When in 1933, Invicta moved to London, the factory in Cobham was taken over by Reid Railton. One of Railton's principal clients was John Cobb who was obsessed by speed. There was nothing he liked better than breaking world records. Especially for Cobb, Railton, a car including the Napier-Railton, a car with an aircraft engine with which Cobb reached a speed of 143.44 mph (229.504 kph) at the Brooklands race-track. Railton had already gained a great deal of experience with the E.R.A. sports and racing cars. When he decided to start manufacturing cars under his own name he definitely knew what he was letting himself in for. The first models, with a four-seater body, were built on a reinforced Terraplane or Hudson chassis. Railton replaced the weak suspension by real sports car suspension. In 1933, the eight-in-line engine had 4010 cc and delivered 95 bhp at 3600 rpm.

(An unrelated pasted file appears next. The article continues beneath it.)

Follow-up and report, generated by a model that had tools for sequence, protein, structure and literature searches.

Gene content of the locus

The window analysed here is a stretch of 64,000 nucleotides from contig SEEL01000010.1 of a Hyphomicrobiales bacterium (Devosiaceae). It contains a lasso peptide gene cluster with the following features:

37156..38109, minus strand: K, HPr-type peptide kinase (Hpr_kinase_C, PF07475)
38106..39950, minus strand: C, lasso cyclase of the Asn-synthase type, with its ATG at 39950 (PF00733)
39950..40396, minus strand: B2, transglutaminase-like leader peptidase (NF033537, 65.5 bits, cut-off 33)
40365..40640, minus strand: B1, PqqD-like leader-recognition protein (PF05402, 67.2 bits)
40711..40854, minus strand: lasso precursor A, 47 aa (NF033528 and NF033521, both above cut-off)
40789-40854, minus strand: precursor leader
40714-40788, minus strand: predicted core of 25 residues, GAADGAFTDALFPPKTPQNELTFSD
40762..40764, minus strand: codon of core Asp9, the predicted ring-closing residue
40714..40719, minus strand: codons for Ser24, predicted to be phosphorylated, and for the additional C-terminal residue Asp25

The cars had a top speed of 94 mph (150 kph). When the original models were improved in America, Railton immediately adapted his cars. For example, in 1934 the cylinder capacity was increased to 4168 cc which delivered 113 bhp at 3800 rpm. In 1937, Hudson presented a six-cylinder model. This model then constituted the basis for the Railton Light Sports. The model was powered by a six-cylinder 2723 cc, 76 bhp at 3800 rpm engine. In 1938, customers could also opt for a 3475 cc cylinder capacity which delivered 114 bhp. In 1939, Railton presented the Baby Railton with a 10 bhp Standard engine, but no one was interested in the model. In total, Railton built just over 1,400 cars. Just before the war he sold his company to an American Hudson dealer in London.
The complete encyclopedia of Vintage Cars - Rob de la Rive Box